LESSONS IN LEADERSHIP WITH DAMON STOUDAMIRE
It seems like yesterday that Damon Stoudamire was playing point guard for the Portland Trail Blazers. Stoudamire was tough as nails on a team loaded with players you wouldn’t want to come across in a dark alley late at night. They took the Lakers to the limit many times, including the classic series in 2000 that marked the beginning of the Lakers’ run in the Shaq and Kobe era. I remember Stoudamire playing point guard for the University of Arizona, getting drafted by the Raptors and leading many teams to many wins over his twelve-year career.
I had the privilege of going one on one with Damon in an interview in Thrive Global. Once a star player, he is now leading players as the head coach of the University of the Pacific. We spoke about a wide variety of topics, from his playing days to his coaching career to his leadership philosophy and advice. Here are a few excerpts :
Adam: What are your thoughts on today’s game both at the NBA and the collegiate level compared to when you played? How has the game changed and is it for better or worse?
Damon: The college game to me, quite frankly, I am still trying to figure that out. For me, it’s not the same. There is a little more pacifying that goes on at the college level, then when I played. Athletically, they are a bit better. When I was in college, I think we knew the game better, but we were staying in school longer. That’s definitely a difference. In the pro’s, I’m a little jealous of the way they get to play today then how we did. I enjoy watching it, I like the way it’s played right now. They have more freedom, it was a more physical game when I played. You could do much more hand checking on the floor. Offense rules now, you can’t do the beating up of players like when I was in the NBA. I like where the game is going. I think they made it more enjoyable for the fans. Although I liked our era, I know it wasn’t the best to watch, a lot of fouling all over. I think it’s for the fans now and they are really enjoying watching this new brand of basketball.
Adam: Who is the best teammate you ever had and why? What are the characteristics of a great teammate?
Damon: Rasheed Wallace. We played together in Portland. Most talented player I played with and I believe he could have had a better career than he had – he was unselfish to a fault – a great team player who cared about the team, more than he cared about his own statistics. He stood for the right thing and he was fun to play with him cause he made everybody’s job easy.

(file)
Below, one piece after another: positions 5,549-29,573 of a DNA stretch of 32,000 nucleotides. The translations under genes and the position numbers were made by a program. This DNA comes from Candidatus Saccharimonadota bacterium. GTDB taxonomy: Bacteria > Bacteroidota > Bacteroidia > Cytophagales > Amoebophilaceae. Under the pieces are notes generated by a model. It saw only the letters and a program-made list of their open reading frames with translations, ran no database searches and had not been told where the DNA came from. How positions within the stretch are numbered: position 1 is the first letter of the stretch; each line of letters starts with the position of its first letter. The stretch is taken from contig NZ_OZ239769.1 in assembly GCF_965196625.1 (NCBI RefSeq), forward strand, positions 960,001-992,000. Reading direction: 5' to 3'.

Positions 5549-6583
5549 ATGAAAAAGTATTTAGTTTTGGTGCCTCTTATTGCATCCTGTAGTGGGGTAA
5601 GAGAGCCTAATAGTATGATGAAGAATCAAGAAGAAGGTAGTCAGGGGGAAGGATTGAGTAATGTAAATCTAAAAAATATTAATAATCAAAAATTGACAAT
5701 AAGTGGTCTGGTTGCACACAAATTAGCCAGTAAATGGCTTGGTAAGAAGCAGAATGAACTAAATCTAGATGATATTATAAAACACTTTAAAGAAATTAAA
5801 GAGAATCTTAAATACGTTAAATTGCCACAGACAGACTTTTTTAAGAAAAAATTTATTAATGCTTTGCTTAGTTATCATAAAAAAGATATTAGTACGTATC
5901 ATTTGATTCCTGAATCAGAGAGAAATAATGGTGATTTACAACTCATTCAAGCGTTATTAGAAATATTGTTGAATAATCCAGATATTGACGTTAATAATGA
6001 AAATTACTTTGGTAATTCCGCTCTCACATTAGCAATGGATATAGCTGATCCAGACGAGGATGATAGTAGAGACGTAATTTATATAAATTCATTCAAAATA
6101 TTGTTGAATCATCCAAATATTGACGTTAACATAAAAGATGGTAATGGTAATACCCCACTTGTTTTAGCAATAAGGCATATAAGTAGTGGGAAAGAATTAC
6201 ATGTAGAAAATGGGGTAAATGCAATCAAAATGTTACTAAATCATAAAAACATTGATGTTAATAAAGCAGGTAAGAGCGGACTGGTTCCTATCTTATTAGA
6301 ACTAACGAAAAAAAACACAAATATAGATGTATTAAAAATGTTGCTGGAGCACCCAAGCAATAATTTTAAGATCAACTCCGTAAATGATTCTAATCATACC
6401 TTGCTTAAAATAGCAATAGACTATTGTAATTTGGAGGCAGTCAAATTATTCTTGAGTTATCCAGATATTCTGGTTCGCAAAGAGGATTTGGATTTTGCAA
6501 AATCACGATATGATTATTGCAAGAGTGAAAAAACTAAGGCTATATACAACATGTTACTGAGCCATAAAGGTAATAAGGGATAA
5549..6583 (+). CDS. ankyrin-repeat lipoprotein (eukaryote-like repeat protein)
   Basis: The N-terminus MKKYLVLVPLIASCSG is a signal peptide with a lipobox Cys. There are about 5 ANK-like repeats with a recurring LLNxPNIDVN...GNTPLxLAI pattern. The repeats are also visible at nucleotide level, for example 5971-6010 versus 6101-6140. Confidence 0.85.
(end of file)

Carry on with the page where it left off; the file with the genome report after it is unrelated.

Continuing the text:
A great teammate is unselfish, willing to learn, willing to be critiqued and critique. For me those are two of the biggest things, especially because a lot goes into that. When you’re the best player, it’s different. You want to be the best liked player, you’ve got to embrace everybody, you’ve got to accept criticism from your coach and your teammates. You have to have a good character, and that’s in terms of any type of leadership – whether you’re the best player or the 12th man. You gotta work hard, you’re actions speak louder than your words. You gotta have a good work ethic. But your best player doesn’t have to be your leader, however they have to be the hardest worker because everything falls on you. For the best player, leadership is going to be different from the other guy who has a different role, that player (the best player) has the coaching staff on his back. Whatever role you play, you’ve gotta have good character on and off the floor. A good teammate has a different stature depending on what role they have on the team.
Adam: Who are the greatest leaders you have played with and what do you believe are the defining qualities of a great leader?
Damon: Scottie Pippen – I think that he really had command of all the little things that you need to have to be a quality leader in terms of getting after guys to do their best. In terms of bringing an aura to the game, when he walked into the gym, just the presence he had of having six rings and playing with Michael Jordan commanded respect. During his time with Portland, I think he taught us all a lot when it came to communication. And I think we taught him how to open up. I think we brought a lot of youth out of him. I think it brought him a great joy to play with a younger team and that brought out the youth in him. It was also his work ethic, he would come in an hour earlier, I think that motivated and inspired us. Steve Smith was also a great leader. He was a quiet one, but came to workevery single day. He always did the right thing and was on time, selfless, despite ups and downs, he never changed. He was always the same and always had a wise word for you. He had a non-verbal leadership, and would pull you to the side with some of the things he would say. While playing for the San Antonia Spurs, (coach) Gregg Popovich was a great leader because he was an honest guy, because he managed and maintained his ego and kept it in tack, that’s one of the things I took from him. Tim Duncan, he was an unassuming leader, but a great leader, through his work ethic and body language, when required he would say his piece. He was someone who commanded the room. Now, Manu Ginobili – he was fiery, he was a boisterous leader, commanded excellence from the next guy. He studied the game and his opponent, you could see what a good player he was, that made him different from the rest of the guys.